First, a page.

Modifying Your Home with Rebuilding Together

Aging in place often requires home modification. Rebuilding Together is a national network of local Rebuilding Together affiliates, corporate and individual donors, skilled tradesmen and associations, and almost 200,000 citizen volunteers. Rebuilding Together provides critical repairs, accessibility modifications, and energy-efficient upgrades to low-income homes and community centers at no cost to the service recipient.

To find an affiliate in your area, go to this interactive map. Click on the PDF for lists in your state, or contact the national office at communications@rebuildingtogether.org.

Getting Information on Medicaid in Your State

Medicaid, the federal-state program for low-income people, is the primary payer for long-term care services in the community and in nursing homes. The federal rules require some services to be provided (hospital care, for example), but states can choose what additional services they want to offer. The federal website has an interactive map that takes you to your state’s Medicaid program and gives information about changes to the Medicaid program under the Affordable Care Act (ACA).

Calculating Costs

You need accurate information about the costs of various options. You can find basic information about places you can receive care, what to expect, and how to find local providers at the Centers for Medicare & Medicaid Services (CMS) website. The same link takes you to an LTC Pathfinder with information based on your age.

Another source is the Genworth Financial annual survey of costs of long-term care. The 2017 survey is available. It has an interactive map of states, including 437 regions, and additional information about how the survey is conducted. You can also download the data with an app, which may be handy if you are visiting several facilities and want to compare costs. AARP also has a Long-Term Care Calculator.

Finding Your State’s Advance Directives

Advance directives is the generic term for documents that set out the types of medical treatment a person wants or doesn’t want if he cannot speak for himself. Advance directives also name the person who is authorized to make healthcare decisions in that situation. Each state has its own legal form for this purpose. In addition, some people want to add documents such as Five Wishes that outline in more detail their preferences. But only the state’s official advance directive document has legal weight.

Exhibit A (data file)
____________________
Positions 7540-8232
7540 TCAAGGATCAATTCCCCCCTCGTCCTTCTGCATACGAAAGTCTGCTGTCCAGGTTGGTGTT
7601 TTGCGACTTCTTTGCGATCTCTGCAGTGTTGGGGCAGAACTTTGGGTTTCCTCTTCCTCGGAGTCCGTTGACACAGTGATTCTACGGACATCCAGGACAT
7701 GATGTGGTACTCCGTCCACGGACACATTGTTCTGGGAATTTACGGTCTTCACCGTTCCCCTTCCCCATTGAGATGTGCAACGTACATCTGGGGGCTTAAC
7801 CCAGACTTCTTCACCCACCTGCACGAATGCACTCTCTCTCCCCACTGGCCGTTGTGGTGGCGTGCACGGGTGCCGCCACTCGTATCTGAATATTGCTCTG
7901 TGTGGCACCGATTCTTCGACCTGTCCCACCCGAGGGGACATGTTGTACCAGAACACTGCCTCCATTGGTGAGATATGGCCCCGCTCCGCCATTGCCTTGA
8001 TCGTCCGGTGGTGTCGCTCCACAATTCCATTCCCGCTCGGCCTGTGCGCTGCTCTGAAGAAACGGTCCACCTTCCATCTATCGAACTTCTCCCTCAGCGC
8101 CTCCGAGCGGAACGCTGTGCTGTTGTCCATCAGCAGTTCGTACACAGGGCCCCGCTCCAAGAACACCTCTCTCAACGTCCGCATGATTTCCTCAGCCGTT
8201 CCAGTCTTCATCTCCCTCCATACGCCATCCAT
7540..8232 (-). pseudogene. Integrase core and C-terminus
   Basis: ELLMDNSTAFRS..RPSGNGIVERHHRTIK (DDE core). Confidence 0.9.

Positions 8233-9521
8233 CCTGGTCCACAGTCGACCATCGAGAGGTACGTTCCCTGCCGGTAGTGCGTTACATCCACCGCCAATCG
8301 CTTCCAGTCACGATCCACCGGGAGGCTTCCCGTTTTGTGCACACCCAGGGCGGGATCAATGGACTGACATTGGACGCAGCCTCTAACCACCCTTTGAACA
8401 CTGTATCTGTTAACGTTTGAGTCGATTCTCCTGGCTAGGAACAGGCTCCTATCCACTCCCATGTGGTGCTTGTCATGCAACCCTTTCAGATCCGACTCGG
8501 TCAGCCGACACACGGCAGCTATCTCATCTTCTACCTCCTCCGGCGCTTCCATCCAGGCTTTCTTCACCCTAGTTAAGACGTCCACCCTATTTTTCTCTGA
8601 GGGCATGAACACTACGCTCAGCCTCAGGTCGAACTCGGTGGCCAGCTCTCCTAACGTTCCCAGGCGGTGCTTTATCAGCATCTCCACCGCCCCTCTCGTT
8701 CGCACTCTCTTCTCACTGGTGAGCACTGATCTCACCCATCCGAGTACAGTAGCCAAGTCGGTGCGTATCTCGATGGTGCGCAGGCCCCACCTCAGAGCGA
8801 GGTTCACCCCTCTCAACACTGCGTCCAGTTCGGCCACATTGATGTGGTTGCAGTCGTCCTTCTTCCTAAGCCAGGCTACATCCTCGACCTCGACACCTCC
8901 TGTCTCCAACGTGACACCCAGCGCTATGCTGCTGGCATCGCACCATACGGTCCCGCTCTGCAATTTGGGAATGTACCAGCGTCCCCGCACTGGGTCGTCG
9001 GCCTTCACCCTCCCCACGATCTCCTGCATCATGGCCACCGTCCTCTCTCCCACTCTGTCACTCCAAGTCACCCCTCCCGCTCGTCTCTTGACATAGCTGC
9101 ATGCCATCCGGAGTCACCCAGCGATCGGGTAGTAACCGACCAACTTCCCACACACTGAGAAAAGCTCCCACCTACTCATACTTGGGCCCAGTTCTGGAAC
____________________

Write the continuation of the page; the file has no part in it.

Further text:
Caring Connections, a program of the National Hospice and Palliative Care Organization (NHPCO), is a national consumer and community engagement initiative to improve care at the end of life. It provides free advance directives and instructions for each state that can be opened as a PDF file. These documents are also available on the AARP website.

If you have any legal questions regarding these documents, contact your state attorney general’s office or an attorney.

Caring Connections warns that due to formatting and printing requirements, for some states a blank page appears in the Acrobat Reader as the first page. This does not mean the document has not loaded correctly. Use the navigation toolbar to go to the next page. If you have any questions, you can call Caring Connection’s help line at 800-658-8898 or send an email to caringinfo@nhpco.org.

If you spend time in more than one state, you should have advance directives that are legally recognized in all these states.

Solving Problems through an Ombudsman